Catching fish isn't as easy as it looks.
Last month, Gray's Reef sent about 40 people on five boats to tag and release about two dozen fish.
The effort was part of managing the reef, one of the nation's twelve marine sanctuaries.
I visited scientists on their mission.
After a 90 minute boat ride, I was on the deck of the National Oceanic and Atmospheric Administration's 187 foot research vessel, the Nancy Foster.
It was hot. The ship was swaying.
And below me, down 62-feet, divers saw what I couldn't: a craggy, live-bottom reef that some call an underwater national park.
A crane operator lifted a small orange boat from the water and on deck walked University of Georgia researcher Scott Nokes, head-to-toe in scuba gear.
"Both sites had very, very few fish," he said.
Nokes was part of an underwater spy network helping ten fishermen in small boats all around the Nancy Foster.
Their lines were just waiting for snapper and grouper to bite. Nokes was finding where to look.
"We're just going in advance to find out whether it's a good spot to try and catch," Nokes said.
"I could think of a number of fishermen who might like that to have you down there," I said.
"Yeah, that's cheating," Nokes said.
Researchers want to put tags on certain fish to find out where they go on the reef
And tagging is even more involved than catching.
Karen Pacquin of the UGA aquarium stood over a on-deck tank, gently moving a pair of fish through the water.
Without her help, the two-fish, called gags, looked sick and swim a bit wobbly.
"Sometimes when the gags or any fish come on board, they're very stressed out," she said. "So, they need assistance with swimming and need a little extra TLC and movement throughout the tank."
"They look kind of like I did when I arrived," I said.
"Yeah, you know, it's exhausing to them to be caught," said George Sedberry, manager of Gray's Reef National Marine Sanctuary.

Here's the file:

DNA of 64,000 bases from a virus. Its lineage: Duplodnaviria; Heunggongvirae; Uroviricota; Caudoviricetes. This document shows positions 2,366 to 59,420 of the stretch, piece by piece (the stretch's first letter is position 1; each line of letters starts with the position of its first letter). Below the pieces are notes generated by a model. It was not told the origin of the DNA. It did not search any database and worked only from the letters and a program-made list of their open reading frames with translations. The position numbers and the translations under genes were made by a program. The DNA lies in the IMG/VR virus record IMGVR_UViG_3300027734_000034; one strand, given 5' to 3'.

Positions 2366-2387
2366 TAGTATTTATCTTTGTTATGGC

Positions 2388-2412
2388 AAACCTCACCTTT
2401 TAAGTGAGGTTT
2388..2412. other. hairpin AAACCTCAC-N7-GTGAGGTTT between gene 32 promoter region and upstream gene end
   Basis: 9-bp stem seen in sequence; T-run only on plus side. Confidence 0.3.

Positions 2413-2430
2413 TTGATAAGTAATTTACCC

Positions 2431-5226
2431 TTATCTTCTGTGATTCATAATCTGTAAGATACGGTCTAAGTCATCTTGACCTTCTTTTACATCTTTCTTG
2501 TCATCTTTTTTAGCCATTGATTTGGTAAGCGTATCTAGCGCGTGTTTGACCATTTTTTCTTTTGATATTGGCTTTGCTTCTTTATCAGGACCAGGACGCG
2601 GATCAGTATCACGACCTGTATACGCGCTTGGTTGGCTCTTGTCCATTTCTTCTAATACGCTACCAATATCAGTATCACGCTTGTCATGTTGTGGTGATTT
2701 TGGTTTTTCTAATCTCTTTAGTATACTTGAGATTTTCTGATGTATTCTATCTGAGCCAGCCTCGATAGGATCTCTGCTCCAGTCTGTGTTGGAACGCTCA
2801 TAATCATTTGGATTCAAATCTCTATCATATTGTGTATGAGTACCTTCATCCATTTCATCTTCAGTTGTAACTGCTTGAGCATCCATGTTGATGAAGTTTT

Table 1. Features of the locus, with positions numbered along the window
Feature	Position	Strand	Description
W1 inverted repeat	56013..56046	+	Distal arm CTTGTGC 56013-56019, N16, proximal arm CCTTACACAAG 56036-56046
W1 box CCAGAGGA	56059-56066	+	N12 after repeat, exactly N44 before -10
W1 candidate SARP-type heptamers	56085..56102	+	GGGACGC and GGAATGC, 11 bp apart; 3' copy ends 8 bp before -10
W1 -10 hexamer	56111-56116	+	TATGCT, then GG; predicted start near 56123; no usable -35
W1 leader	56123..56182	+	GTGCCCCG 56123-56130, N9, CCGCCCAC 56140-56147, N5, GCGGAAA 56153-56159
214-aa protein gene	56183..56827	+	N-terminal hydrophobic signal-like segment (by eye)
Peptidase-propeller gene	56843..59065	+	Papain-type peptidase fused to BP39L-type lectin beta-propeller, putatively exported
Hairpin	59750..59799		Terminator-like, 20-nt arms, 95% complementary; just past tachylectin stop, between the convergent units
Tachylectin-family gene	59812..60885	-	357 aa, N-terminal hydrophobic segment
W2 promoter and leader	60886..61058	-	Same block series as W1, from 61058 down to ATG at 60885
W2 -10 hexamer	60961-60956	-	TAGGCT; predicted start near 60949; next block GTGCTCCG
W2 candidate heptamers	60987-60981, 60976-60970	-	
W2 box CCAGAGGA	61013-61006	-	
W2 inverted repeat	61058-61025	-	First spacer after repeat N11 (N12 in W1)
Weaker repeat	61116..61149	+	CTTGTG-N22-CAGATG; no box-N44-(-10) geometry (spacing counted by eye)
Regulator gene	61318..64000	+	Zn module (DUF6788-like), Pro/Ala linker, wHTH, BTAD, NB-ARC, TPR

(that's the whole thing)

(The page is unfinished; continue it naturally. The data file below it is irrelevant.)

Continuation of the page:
"They fight it all the way to the surface," he said. "So, it takes them a while to recover. So, we'll keep them on board for 24 hours before we implant the tags in them."
During the tag-inserting surgery, the fish can't be anesthetized. It'll do more harm than good.
So, to keep them still whille he's cutting their bellies, Gray's Reef biologist Greg McFall had to invent what he calls a marine underwater surgery hospital out of bungee cord and sponge.
"I was out in the scrap yard, looking at pieces and parts that might help out and saw a large diameter P-V-C pipe that when cut into smaller pieces made an excellent fish clamp," McFall said.
McFall cut the fish open with a scalpal while Gray's Reef biologist Sara Fangman waited to plop a tag in its belly.
"This is the tag that we're inserting into the fish. It's about an inch long and as wide as a pencil," Fangman said.
McFall sewed the fish with stiches and surgical pliers, but it was another 24 hours before the fish was well enough to return to the reef.
It all makes you wonder why researchers would go through such effort over a few fish.
George Sedberry says, it's part of managing a national treasure.
"The more that we know about how many fish are here and where they live and where they range during their daily activities and their monthly activities and where they move about throughout the year, the better we can plan in the sanctuary and the better we can zone withing the sanctuary for different kinds of management," he said.
Gray's Reef could use the information to determine which parts of the reef to close to fishing in the near future.
The reef is a popular spot for more everday anglers who don't have a raft of boats, fishermen, divers and scientists to help them with a successful catch.
To learn more about the mission, see some spectacular photos and video, and read mission blogs, go to this website.